Many woodworkers have a desire to photograph their work or techniques, but don’t really know how to proceed. I faced this same problem some years ago. My early photos were a disaster; taken on a north facing porch with a sheet as a backdrop. I didn’t even try to photograph the construction methods, because I had no idea how to. My sole experience with picture taking indoors was limited to family photos at holidays, and the way they turned out didn’t exactly inspire confidence. The real turning point was when I decided to start selling my furniture; I knew my poorly lit and poorly composed photos weren’t going to cut it. I make no pretenses about my abilities; I'm not an expert but I take photos good enough for publishing, printing at a fairly large format and for use on the web. I'm constantly learning ways to make better photos, both with the addition of equipment and improved techniques.
I started with a mid level 35mm SLR film camera, and if I had known more it would have worked very well. I did overcome the necessity of shooting in natural light by purchasing two light stands with tungsten lights and the appropriate color balanced film. Digital was just becoming commonplace in the market, when I became interested in building a web site, so I went that route. It eased the interface between the camera and computer and allowed more latitude with the white balance. I bought my first digital camera in January 2001; it was a 1.1 mega pixel point and shoot, hardly a state of the art camera, but it really didn’t do too badly and at least I could instantly see how the photo looked, as opposed to film camera, where I had to wait until the photos were processed. You can still see some of photos taken with that camera on the furniture side of this site (they should be replaced, but just a few days before I did a major overhaul of the site, where I planned to remove them, a person expressed interest in clock, whose photo was going to the recycle bin; I guess a poor picture is better than no picture). This camera still did poorly when trying to take construction photos, and resulted in my first submission to the SAPFM being rejected due to the image quality. Next I went to a “prosumer” 3.3 mega pixel model. This and the addition of a proper background made a world of difference, I got excellent finished photos and the more controls afforded by this camera made construction photos possible. I still used the film camera because at this time many juried shows would not accept digital files (I bet many still won’t). Another turning point came when I had the chance to use a digital SLR (DSLR). I took one picture with it, and knew I’d have to have one, because by this time, photography had become not only part of woodworking, it had developed (pardon the pun) into a hobby. That was six years ago, and things have changed rapidly. My first DSLR cost $2000.00 for the body alone; a significant sum. Today a fully functioning DSLR better than that $2000.00 model of 2003 can be had for not much more than I paid for that first digital camera in 2001 ($450.00 and that’s including the lens).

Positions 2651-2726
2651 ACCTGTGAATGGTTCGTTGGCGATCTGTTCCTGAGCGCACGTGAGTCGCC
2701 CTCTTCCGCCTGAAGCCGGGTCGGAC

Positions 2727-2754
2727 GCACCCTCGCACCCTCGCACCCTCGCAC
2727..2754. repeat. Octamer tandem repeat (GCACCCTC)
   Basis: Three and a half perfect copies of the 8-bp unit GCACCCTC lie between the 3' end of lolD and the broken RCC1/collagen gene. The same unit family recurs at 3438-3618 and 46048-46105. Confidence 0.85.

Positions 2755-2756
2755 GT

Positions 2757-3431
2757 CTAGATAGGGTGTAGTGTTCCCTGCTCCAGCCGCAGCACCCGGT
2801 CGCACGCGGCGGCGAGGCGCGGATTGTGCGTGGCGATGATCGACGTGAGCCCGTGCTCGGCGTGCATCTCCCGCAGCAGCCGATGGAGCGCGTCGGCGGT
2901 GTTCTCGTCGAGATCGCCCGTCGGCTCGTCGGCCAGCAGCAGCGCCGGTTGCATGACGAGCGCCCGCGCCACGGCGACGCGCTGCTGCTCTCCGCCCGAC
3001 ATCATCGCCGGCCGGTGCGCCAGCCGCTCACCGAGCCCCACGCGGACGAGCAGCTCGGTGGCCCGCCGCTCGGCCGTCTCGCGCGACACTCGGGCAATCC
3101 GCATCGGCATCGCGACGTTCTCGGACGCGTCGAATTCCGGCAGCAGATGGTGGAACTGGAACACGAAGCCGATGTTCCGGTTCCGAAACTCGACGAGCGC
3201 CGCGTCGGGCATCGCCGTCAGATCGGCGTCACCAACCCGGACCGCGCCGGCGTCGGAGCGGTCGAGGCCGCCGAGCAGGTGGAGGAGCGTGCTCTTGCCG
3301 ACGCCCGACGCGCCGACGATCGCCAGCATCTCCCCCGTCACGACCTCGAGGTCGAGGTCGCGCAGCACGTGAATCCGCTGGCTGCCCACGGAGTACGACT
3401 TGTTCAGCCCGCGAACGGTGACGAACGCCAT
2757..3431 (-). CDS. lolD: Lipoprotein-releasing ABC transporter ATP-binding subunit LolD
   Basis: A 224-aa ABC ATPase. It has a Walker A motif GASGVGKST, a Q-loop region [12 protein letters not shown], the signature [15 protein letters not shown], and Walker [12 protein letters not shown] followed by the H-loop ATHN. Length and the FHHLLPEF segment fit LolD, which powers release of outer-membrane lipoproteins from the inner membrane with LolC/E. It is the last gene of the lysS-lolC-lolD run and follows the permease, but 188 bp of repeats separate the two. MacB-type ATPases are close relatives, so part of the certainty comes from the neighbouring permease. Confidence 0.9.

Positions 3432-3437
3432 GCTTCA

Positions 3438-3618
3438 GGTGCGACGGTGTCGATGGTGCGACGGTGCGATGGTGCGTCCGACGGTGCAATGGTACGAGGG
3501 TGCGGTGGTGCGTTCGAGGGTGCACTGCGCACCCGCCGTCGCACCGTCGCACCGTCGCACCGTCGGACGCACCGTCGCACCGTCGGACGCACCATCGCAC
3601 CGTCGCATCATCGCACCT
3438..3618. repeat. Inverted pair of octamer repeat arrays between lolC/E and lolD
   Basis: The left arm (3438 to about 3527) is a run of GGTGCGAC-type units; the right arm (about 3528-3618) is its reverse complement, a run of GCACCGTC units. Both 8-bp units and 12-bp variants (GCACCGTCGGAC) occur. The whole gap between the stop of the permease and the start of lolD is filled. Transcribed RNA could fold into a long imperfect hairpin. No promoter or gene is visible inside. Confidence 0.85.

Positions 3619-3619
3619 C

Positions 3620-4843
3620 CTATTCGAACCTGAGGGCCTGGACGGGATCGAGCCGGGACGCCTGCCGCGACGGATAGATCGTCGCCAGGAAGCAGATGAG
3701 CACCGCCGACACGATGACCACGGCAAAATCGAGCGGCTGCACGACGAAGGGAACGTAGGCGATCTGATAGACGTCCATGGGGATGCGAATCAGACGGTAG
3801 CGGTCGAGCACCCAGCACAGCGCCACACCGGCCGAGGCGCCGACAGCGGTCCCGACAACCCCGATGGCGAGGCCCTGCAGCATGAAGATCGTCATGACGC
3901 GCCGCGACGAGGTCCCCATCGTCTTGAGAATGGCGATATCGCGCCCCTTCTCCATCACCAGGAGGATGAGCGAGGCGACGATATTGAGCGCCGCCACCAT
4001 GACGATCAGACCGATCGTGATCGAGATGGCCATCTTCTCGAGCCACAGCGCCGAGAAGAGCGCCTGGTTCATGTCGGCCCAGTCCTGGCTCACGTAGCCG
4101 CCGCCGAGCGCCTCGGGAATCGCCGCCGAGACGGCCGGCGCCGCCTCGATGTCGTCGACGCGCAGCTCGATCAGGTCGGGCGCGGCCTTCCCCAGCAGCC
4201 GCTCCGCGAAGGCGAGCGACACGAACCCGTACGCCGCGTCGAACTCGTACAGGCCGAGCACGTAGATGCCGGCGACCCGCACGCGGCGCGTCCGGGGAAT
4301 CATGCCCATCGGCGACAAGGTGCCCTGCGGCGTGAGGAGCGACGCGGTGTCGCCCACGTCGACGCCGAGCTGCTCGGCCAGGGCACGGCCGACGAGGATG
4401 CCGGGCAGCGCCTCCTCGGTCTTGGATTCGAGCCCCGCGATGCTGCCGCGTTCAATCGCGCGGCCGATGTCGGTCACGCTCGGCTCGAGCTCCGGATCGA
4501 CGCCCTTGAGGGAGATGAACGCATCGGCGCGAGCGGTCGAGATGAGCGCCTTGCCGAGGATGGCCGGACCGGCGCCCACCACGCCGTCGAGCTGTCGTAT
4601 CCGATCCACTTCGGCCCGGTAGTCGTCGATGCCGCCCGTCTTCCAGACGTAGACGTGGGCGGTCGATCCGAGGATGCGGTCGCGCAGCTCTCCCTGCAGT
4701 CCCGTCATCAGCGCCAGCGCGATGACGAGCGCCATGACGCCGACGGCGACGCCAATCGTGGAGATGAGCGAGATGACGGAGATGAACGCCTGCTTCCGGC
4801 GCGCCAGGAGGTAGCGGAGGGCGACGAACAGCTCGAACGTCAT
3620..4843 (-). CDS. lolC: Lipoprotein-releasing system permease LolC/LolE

Not surprisingly, photos start with a camera and lens. While preparing for this article I looked for cameras in the range of the prosumer version I had, and found only a few that have the features necessary for good results (see sidebar at right); it seems the lowering of the price on entry level DSLR’s has mostly crowded out the market for these types of cameras.